Im a longtime musician that has been trying to send off demos to the bigge companies - but it seems to be a small world with a few familiar names... yourself, jeremy soule etc.. Do you have any advice for musicians trying to get into the business?
    Innsendt av: Mike
There are a lot of good avenues for composers to get into the game industry. One is the Game Developer's Conference (www.gdconf.com), where there are excellent networking opportunities and the whole industry comes together to compare notes and learn from each other. Also, the Game Audio Network Guild (G.A.N.G.) (www.audiogang.org) is a very supportive group of professionals and newcomers alike.

Jason Hayes

Defining the genre
    First of all, thanks for some great and spine-shivering music!

    What, aside from the almost total absence of lead vocals, do you see as most defining aspect of the genre "Game Music"?

    Which game-soundtrack(s) are your favourites?

    Innsendt av: Lars Øyvind Christiansen
Thank you! I don't think there's anything that defines the aesthetic of game music, because different games are so diverse in their needs. In a lot of ways, game music is a lot like film music, where you need the right kind of music cue to come in at the right moment for it to work well and be impactful. With a film, you do a spotting session and figure out where the music should come in. But in a game, even though the goal is sometimes largely the same, it can take a lot of sophisticated programming and clever design to "spot" the music. It's like a challenging riddle, and it's definitely a team effort to get it right.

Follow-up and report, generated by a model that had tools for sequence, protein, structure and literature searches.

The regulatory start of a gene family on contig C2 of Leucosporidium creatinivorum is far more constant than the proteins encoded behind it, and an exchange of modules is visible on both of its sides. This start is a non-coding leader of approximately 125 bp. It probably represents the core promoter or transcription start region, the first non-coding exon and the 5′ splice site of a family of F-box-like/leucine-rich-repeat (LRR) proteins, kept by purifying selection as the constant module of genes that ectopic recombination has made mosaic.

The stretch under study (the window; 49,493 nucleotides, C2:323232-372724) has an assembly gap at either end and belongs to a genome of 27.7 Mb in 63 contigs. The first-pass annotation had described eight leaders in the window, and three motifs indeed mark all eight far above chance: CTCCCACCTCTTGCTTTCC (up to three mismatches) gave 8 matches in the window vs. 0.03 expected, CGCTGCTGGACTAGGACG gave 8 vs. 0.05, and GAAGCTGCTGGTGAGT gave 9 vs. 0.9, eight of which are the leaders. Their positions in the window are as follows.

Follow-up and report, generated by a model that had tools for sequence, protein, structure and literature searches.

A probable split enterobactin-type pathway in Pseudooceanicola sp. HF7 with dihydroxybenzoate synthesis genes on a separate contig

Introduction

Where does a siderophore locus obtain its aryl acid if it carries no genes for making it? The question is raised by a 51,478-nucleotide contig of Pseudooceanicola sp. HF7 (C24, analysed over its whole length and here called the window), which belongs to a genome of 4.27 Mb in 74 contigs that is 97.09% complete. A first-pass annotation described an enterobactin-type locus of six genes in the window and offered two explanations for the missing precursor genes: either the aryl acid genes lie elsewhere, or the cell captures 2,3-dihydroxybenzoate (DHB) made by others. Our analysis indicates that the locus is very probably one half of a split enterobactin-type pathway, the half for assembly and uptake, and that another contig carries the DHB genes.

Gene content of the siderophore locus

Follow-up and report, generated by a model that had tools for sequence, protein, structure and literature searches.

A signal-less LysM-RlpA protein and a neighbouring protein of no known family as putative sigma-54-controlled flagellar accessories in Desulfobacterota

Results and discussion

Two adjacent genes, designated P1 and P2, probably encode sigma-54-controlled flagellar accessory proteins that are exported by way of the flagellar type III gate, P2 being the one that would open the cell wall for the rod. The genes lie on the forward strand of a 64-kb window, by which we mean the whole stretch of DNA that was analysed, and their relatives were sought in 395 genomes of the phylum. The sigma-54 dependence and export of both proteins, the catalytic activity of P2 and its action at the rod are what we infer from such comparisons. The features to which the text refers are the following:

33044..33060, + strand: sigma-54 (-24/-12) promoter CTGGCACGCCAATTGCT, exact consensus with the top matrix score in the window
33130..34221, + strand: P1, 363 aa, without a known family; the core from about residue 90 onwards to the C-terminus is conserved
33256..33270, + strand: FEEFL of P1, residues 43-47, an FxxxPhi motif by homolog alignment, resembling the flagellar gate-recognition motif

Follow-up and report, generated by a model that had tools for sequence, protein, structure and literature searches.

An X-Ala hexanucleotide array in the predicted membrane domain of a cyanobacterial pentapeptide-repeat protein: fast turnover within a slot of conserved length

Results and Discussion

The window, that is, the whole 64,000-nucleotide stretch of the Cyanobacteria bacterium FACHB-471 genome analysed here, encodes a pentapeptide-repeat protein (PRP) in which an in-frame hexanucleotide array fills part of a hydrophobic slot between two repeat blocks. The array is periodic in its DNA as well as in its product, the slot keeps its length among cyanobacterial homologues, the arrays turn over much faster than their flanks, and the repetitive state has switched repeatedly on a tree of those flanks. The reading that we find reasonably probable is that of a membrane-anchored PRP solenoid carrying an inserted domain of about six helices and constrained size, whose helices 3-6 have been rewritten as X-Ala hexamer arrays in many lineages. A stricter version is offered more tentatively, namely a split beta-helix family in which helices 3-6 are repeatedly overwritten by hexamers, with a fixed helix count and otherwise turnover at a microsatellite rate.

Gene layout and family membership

Jason Hayes

Amiga music?
    Will you play Amiga related music? Giana Sisters? Cannon Fodder? Worms? Pinball Fantasies? Superfrog?
    Innsendt av: Michal
Yes, we will perform music from some of these selections tomorrow night.

Jason Paul

    For Jason HAYES:

    First off, I would like to thank you for your fantastic score and soundtracks for World of Warcraft, beeing the latest. I also loved the soundtracks for StarCraft and Diablo. Thank you.